Through a reconsideration of Ezra Pound’s early poem "Cantico del Sole" (1918), an apparently satiric look at American culture in the early twentieth century, this essay argues how the poem, in fact, expresses some of the tenets of Pound’s more radical hopes for American culture, both in his unorthodox critiques of the 1930s in ABC of Reading, Jefferson and/or Mussolini, and Guide to Kulchur and, more significantly, in his epic poem, The Cantos. The essay contends that, despite Pound’s controversial economic and political views in his prose (positions which contributed to his arrest for treason in 1945), he is characteristically optimistic about the potential for American culture. Behind his flamboyant style, his self-destructive allegiance to Mussolini, and his complex poetics, Pound anticipated and even initiated the multicultural imperative that by the end of the century emerged as an essential component of American literature.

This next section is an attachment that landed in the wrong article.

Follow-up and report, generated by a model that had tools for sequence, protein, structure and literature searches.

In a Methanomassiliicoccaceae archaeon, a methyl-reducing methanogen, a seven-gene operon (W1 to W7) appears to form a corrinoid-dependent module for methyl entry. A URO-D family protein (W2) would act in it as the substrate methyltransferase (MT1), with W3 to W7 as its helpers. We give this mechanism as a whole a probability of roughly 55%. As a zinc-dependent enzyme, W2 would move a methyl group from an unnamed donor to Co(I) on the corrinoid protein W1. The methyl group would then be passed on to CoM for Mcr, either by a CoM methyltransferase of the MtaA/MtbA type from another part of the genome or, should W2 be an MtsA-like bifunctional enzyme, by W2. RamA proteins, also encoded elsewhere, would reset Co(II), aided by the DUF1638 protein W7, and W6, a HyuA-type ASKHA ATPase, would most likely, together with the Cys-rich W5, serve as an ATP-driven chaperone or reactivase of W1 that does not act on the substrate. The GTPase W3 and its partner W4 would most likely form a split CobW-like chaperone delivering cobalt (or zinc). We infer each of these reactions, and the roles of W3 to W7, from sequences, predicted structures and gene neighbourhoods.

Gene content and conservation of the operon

Belgrade English Language and Literature Studies
Gery, John “‘The Thought of What America’: Ezra Pound’s Strange Optimism,” Belgrade English Language and Literature Studies, Vol. II (2010): 187-206.